2009 Annual Report
1: Develop methods for identifying plant breeding quantitative trait loci.
2: Integrate methods for QTL identification into strategies that enable geneticists and breeders to design more efficient experiments and make better selection decisions.
3: Develop breeder-friendly tools for genomic and genetic data access and analysis, with a specific focus on optimum analysis and use of molecular marker and agronomic data for small grains breeders and geneticists.
In FY 2009, we measured key genetic parameters in US elite barley populations to determine best practices for using DNA markers to identify genes affecting important agronomic traits, and to accelerate the improvement of those traits. We also evaluated three novel methods for using DNA marker data for barley improvement: 1. Marker imputation that infers missing marker data on the basis of multiple flanking markers; 2 Haplotype block methods that group adjacent and correlated markers across the germplasm; and 3 Genomic selection that uses all markers, rather than selected “significant” markers, to predict germplasm performance.
Our analysis identified the existence of seven germplasm pools, or subpopulations, within the Barley Coordinated Agricultural Project (CAP) breeding lines. We also showed that these subpopulations were divergent enough that, with current marker densities, it is best to combine for analysis only data from the most closely related subpopulations.
Marker imputation uses high density marker data from a reference or core panel and low density marker data from an experimental panel to predict alleles of all (high density) markers on the experimental panel. Our research showed that marker imputation can provide better predictions of unscored markers than standard tagging methods. This suggests that further development of a core barley panel typed at high density is warranted.
Within Barley CAP breeding lines we have systematically identified blocks of adjacent and correlated markers (so-called haplotype blocks). We have developed statistical methods to include haplotype blocks in association mapping analyses. We are determining the power of these methods and applying them to real data. Our research showed that genomic selection can predict agronomic performance with accuracies close to those for phenotypic selection on traits with relatively low heritability. Because of the decrease in breeding cycle time afforded by genomic selection, such accuracies will lead to more rapid gains from genomic than phenotypic selection.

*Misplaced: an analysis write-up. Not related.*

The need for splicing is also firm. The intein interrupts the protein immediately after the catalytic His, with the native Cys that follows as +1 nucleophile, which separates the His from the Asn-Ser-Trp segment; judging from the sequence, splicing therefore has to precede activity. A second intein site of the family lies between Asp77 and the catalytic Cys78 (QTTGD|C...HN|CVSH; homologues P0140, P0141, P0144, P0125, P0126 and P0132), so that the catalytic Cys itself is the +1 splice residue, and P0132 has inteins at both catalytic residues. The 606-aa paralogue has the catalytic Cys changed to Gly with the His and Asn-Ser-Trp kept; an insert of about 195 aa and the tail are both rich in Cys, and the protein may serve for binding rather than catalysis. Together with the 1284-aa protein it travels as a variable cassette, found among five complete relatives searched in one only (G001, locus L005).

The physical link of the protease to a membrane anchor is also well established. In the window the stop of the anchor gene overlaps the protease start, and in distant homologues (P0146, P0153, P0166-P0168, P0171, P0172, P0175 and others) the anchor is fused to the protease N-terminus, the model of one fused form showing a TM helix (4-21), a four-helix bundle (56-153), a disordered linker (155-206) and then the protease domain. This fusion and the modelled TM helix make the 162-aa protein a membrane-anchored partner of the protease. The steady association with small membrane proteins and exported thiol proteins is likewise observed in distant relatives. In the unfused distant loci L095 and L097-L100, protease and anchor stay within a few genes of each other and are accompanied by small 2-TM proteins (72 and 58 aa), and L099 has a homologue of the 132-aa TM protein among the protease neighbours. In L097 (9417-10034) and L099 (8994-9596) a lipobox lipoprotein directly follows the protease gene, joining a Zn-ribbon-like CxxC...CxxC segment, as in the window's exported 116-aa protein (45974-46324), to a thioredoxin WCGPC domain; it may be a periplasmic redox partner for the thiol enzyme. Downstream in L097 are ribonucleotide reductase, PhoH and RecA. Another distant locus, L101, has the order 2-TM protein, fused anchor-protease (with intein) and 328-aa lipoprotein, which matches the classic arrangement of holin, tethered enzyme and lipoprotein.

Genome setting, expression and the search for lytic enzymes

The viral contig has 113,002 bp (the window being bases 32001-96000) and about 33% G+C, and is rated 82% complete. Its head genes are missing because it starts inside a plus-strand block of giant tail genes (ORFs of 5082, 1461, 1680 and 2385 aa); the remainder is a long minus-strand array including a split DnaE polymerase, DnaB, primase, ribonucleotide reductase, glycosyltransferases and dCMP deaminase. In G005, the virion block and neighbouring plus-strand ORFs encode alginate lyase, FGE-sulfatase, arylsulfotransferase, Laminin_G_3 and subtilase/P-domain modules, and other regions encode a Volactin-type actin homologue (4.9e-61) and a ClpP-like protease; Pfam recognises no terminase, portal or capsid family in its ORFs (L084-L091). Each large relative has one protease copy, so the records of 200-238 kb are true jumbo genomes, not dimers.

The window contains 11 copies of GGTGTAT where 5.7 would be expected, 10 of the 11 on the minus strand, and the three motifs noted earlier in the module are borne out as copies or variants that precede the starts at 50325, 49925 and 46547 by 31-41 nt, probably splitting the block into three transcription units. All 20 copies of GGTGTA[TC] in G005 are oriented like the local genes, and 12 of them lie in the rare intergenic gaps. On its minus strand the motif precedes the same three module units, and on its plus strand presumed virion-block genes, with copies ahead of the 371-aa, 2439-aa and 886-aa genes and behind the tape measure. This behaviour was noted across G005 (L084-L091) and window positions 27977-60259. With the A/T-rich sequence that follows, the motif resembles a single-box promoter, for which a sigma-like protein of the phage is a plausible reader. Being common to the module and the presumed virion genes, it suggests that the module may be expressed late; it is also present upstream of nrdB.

We conducted simulations to investigate in detail optimal methods using single markers to map QTL directly in the Barley CAP breeding lines. Two methods were evaluated to account for the complex genetic relationships among the lines and we identified one that had slightly but consistently higher power than the other. Results of this work will provide guidance for barley breeders seeking to use association analysis to find QTL that are useful for variety development.
Work on oat:
DNA marker data from lines from the last decade of oat breeding in North America have been analyzed to identify regions of the oat genome that harbor genes associated with beta-glucan content. Breeding programs for high beta-glucan content have been initiated using phenotypic, marker-assisted, and genomic selection.
DNA from the oat collection of the National Plant Germplasm System has been obtained for accessions divergent in beta-glucan content. This DNA has also been scored for about 1000 markers. This population was grown in the field in 2009, has been harvested and is currently being processed.
Jannink, J., Moreau, L., Charcosset, A., Charmet, G. 2008. Overview of QTL detection in plants and tests for synergistic epistatic interactions. Genetica. 136:225-236.
Jannink, J., Iwata, H., Bhat, P.R., Chao, S., Wenzl, P., Muehlbauer, G.J. 2009. Marker imputation in barley association studies. The Plant Genome. 2:11-22.
Yao, N., Jannink, J., White, P.J., Alavi, S. 2008. Impact of Dry Solids and Bile Acid Concentrations on Bile Acid Binding Capacity of Extruded Oat Cereals. Journal of Agricultural and Food Chemistry. 56:8672-8679.
Boddhireddy, P., Jannink, J., Nelson, J. 2009. Selective Advance for Accelerated Development of Recombinant Inbred QTL Mapping Populations. Crop Science. 49:1284-1294.
Gutierrez, L., Nason, J.D., Jannink, J. 2009. Morphological Genetic Diversity of Worldwide Barley and Mega-Targets of Selection. Crop Science. 49:483-497.
Heffner, E.L., Sorrells, M.E., Jannink, J. 2009. Genomic Selection for Crop Improvement. Crop Science. 49:1-12.
Waugh, R., Muehlbauer, G.J., Jannink, J., Ramsay, L. 2009. Association genetics in barley. Current Opinion in Plant Biology. 12(2):218-222.
Zhong, S., Dekkers, J., Jannink, J. 2009. Association-Based Genomic Selection in Cultivated Barley. Genetics. 182:355-364.
Iwata, H., Ebana, K., Fukuoka, S., Hayashi, T., Jannink, J. 2009. Bayesian multilocus association mapping on ordinal and censored traits and its application to the analysis of genetic variation among Oryza sativa L. germplasms. Theoretical and Applied Genetics. 118(5):865-880.
Iwata, H., Ebana, K., Uga, Y., Hayashi, T., Jannink, J. 2009. Whole genome association mapping of grain shape variation among Oryza sativa L. germplasms based on elliptic Fourier analysis. Theoretical and Applied Genetics. 114(8):1437-1449.
Tinker, N.A., Kilian, A., Rines, H.W., Bjornstad, A., Howarth, C.J., Jannink, J., Anderson, J.M., Rossnagel, B.G., Wight, C.P., Stuthman, D.D., Sorrells, M.E., Scoles, G.J., Eckstein, P.E., Ohm, H.W., Jackson, E.W., Tuvesson, S., Kolb, F.L., Molnar, S.J., Olsson, O., Carson, M.L., Ceplitis, A., Bonman, J.M., Federizzi, L., Langdon, T. 2009. New DArT markers for oat provide enhanced map coverage and global germplasm characterization. Biomed Central (BMC) Genomics. 10(39):1471-2164.